Underlying the often-asked question of the economic viability of the future Palestinian state are its well-known attributes - its small size, both in terms of population and area; its territorial fragmentation between the West Bank and Gaza; and its lack of natural resources. But Norway, Ireland and Denmark, whose populations are hardly, or in any case not significantly, larger, have some of the highest per capita incomes in the world. Admittedly Norway has oil, but both Singapore and Israel, with similarly sized populations, have no natural resources to speak of. The territory of Singapore, whose per capita income is one-fifth higher than Israel's, is only one-ninth the Palestinians' and not even twice that of the Gaza Strip; and over a century since it gave up Zanzibar, Oman enjoys no territorial contiguity nor, for all practical purposes, does Australia.
We can, however, identify the necessary conditions of economic viability if we consider places or regions that obviously lost it, such as the "ghost towns" adjacent to exhausted mines or former road hubs bypassed by a new expressway. With the employment source gone, these towns are no longer economically viable and their inhabitants "vote with their feet" and move elsewhere. The failure of the economy to sustain peoples' standards of living - and in the post-World War II era, even to ensure their steady rise - will lead to emigration or, where this is impossible, to growing social and political unrest. This was the case in Ireland, the population of which shrank by half in the wake of the Potato Famine of the 19th century, and is the case in many African countries today. It also was the case in the West Bank under Jordanian rule, where emigration cancelled out four-fifths of the natural population increase.1

Specialization and Exchange

Thus, the question of a country's economic viability ultimately boils down to the conditions necessary to ensure that the pace of economic growth will satisfy its inhabitants' expectations. Some of the factors determining growth are interchangeable: Scarcity of natural resources might be compensated for by availability of physical capital - machinery and equipment - while the latter might be at least partly substituted by human capital, i.e., by education and training. But there is one factor for which no substitute exists: the ability to exchange with others. To grasp its full importance we only have to imagine how our lives as individuals would look if each of us were restricted to consuming only what we ourselves could produce. Exchange makes possible specialization, with people and countries producing those things they do best relative to others, and trading their products for those goods and services that they cannot produce themselves or are relatively inefficient in producing. The richest oil country would be very poor indeed, were it unable to barter or sell it in exchange for imports of the goods it cannot efficiently produce, and tried to produce them on its own.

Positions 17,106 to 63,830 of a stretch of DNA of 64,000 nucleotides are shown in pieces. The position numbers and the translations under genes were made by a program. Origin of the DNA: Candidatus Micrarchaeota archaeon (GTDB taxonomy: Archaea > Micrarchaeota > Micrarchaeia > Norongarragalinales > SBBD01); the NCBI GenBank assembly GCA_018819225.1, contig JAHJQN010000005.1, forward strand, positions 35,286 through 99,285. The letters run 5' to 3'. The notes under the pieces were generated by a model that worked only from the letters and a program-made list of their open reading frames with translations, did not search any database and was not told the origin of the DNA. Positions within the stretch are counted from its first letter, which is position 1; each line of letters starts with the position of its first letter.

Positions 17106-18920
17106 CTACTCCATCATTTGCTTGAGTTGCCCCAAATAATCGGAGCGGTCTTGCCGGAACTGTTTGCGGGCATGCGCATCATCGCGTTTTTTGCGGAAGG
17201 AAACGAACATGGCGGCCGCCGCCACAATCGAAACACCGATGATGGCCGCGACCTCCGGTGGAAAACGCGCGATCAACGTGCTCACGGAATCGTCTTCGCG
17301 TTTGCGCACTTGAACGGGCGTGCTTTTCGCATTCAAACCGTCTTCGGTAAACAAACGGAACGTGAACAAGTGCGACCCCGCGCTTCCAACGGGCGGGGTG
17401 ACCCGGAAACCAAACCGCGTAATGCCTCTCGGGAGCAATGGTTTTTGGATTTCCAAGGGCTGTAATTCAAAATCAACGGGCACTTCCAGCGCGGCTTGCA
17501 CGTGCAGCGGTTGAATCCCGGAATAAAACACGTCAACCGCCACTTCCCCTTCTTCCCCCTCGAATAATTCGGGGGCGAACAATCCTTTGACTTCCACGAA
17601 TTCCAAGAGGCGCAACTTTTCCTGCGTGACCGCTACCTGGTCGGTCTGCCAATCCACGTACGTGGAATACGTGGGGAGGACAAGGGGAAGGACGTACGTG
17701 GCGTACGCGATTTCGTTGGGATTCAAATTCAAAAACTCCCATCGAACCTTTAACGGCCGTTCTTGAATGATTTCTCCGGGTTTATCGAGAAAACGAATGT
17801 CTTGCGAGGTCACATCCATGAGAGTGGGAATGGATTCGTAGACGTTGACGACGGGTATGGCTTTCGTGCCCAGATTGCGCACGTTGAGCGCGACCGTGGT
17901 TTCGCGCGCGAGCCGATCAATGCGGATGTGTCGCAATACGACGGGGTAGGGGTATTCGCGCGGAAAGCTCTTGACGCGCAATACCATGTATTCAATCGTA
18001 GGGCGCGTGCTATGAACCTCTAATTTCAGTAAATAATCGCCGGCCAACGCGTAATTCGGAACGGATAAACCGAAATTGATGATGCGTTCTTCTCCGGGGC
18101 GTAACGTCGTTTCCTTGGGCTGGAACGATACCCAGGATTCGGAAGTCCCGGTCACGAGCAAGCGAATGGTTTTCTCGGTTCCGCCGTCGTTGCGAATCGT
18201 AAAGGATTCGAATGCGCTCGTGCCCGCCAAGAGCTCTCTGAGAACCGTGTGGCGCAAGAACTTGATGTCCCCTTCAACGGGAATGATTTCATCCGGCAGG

Specialization and exchange are, of course, restricted by the size of the market. The larger it is, the greater the chance of being able to find takers for all of one's products and suppliers of all of one's needs. In big countries, the variety of climates and natural endowments, as well as of human gifts and tastes, makes it possible for much of the specialization and exchange to take place internally. Smaller ones have to look beyond their borders. That is why, contrary to the lingering popular image of imports as luxuries and therefore rising with income, the ratio of imports to the gross domestic product (GDP) in the United States in recent years was only 14%, while it was double that in Israel, more than four times as high in the Netherlands at 60%, and as high as 70% in the West Bank and the Gaza Strip (WBGS).
The corollary of this is that the smaller the economy, the more heavily it has to trade with the rest of the world in order to attain a given standard of living - i.e., to increase the prospects for its viability.

Table 1


(I) Average annual growth rate (%)

GNP per capita                   GDP per capita

WBGS         Israel         WBGS         Israel

                                5.7             2.4              4.2                2.8

(II) Ratio of 1992 per capita figures to 1968 figures

GNP per capita 1992                   GDP per capita 1992
GNP per capita 1968                   GDP per capita 1968

WBGS         Israel         WBGS         Israel

                                3.8              1.8              2.7              1.9

Sources: World Bank, An Investment in Peace, Vol. 2, Statistical Appendix Table 1; and Israel Central Bureau of Statistics (ICBS), Statistical Abstract of Israel, 1992, Table 6.1